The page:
• 3 out of 53 out of 53 out of 53 out of 53 out of 5 Nicola Potts | 12/28/2011

    " Unusual - definitely worth reading "

  • 2 out of 52 out of 52 out of 52 out of 52 out of 5 Kaye | 12/8/2011

    " I liked parts of this book, but I found myself wanting to skim to the "good parts." "

  • 4 out of 54 out of 54 out of 54 out of 54 out of 5 April Chick | 11/26/2011

    " Intelligent and moving story about good man who meets himself for the first time. He makes a bad decision because of loneliness and pays the price. "

  • 1 out of 51 out of 51 out of 51 out of 51 out of 5 Ellin | 8/13/2011

    " I couldn't get into this book and finally started skimming it. I didn't like this book ... also didn't find it particularly credible that the priest would befriend hoodlums. "

  • 4 out of 54 out of 54 out of 54 out of 54 out of 5 Ann | 7/22/2011

    " A strange, sad, disturbing, thoughtful book, beautifully written than will stay with you for a while. "

  • 3 out of 53 out of 53 out of 53 out of 53 out of 5 Cat | 2/2/2011

    " Really an incredible book. The restrained yet romantic prose reflects the narrator, an aging and slightly unwilling priest to a parish of uneducated and prejudiced Scots. I highly recommend it. "

  • 2 out of 52 out of 52 out of 52 out of 52 out of 5 Rob | 7/5/2010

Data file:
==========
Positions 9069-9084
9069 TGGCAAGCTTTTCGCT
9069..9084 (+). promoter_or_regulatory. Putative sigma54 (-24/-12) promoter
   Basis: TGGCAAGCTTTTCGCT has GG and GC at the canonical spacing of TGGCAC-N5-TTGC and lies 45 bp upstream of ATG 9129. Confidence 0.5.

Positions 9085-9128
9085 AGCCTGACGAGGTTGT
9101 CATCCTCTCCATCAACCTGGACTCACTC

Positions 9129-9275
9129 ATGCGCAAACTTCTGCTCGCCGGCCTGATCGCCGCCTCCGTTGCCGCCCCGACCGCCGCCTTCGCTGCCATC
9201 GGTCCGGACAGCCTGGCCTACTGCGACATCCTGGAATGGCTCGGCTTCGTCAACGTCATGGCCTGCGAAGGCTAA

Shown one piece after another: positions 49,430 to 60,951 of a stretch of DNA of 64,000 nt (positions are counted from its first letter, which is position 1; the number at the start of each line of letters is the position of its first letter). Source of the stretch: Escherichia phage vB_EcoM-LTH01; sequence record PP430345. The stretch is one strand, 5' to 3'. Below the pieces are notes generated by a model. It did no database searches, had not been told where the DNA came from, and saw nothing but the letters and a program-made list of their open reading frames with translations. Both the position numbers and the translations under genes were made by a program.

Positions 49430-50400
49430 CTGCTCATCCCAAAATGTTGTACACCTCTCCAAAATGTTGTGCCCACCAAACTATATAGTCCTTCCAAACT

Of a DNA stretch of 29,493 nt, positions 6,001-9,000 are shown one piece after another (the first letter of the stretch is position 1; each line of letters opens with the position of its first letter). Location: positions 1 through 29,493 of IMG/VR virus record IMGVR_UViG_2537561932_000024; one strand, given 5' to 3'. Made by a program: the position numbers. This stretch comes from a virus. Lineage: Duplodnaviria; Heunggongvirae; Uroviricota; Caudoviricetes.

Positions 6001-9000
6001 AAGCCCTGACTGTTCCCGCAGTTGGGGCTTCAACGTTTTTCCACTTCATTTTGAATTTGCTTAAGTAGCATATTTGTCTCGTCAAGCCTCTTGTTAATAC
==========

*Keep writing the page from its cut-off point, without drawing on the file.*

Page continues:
" A strange story of a catholic priest who doesn't seem suited to his work and in his attempts to ingratiate himselve with young parishioners falls from grace. The wreck of his life seemed inevitable. "

  • 4 out of 54 out of 54 out of 54 out of 54 out of 5 Lindsay | 6/4/2010

    " A beautifully written book with some gorgeous imagery and a challenging story. "

  • 4 out of 54 out of 54 out of 54 out of 54 out of 5 April | 11/26/2009

    " Intelligent and moving story about good man who meets himself for the first time. He makes a bad decision because of loneliness and pays the price. "

  • 2 out of 52 out of 52 out of 52 out of 52 out of 5 Hazel | 7/28/2009

    " This one didn't appeal to me although I came to it with high hopes. It's complex and intelligent and politically astute but somehow it just failed to grip me. I just couldn't believe in Father David. "

  • 3 out of 53 out of 53 out of 53 out of 53 out of 5 Chel | 7/25/2009

    " Loan from ANZLL friend, Jenny

    Good story, daring topic about molestation. Did not write any journal entries for this book. "

  • 2 out of 52 out of 52 out of 52 out of 52 out of 5 Barry | 4/19/2009

    " Well-constructed, but in the end I just couldn't see the point: unredeeming. "

  • 5 out of 55 out of 55 out of 55 out of 55 out of 5 Joan | 2/14/2009

    " Excruciatingly good. Never heard of O'Hagan Yay. Because now I can read all his books. "

  • 4 out of 54 out of 54 out of 54 out of 54 out of 5 Andrew | 2/11/2009

    " This is an intelligent, beautifully written book. Maybe the plot development is somewhat slow, but I was very impressed by the writing, as well as the story. "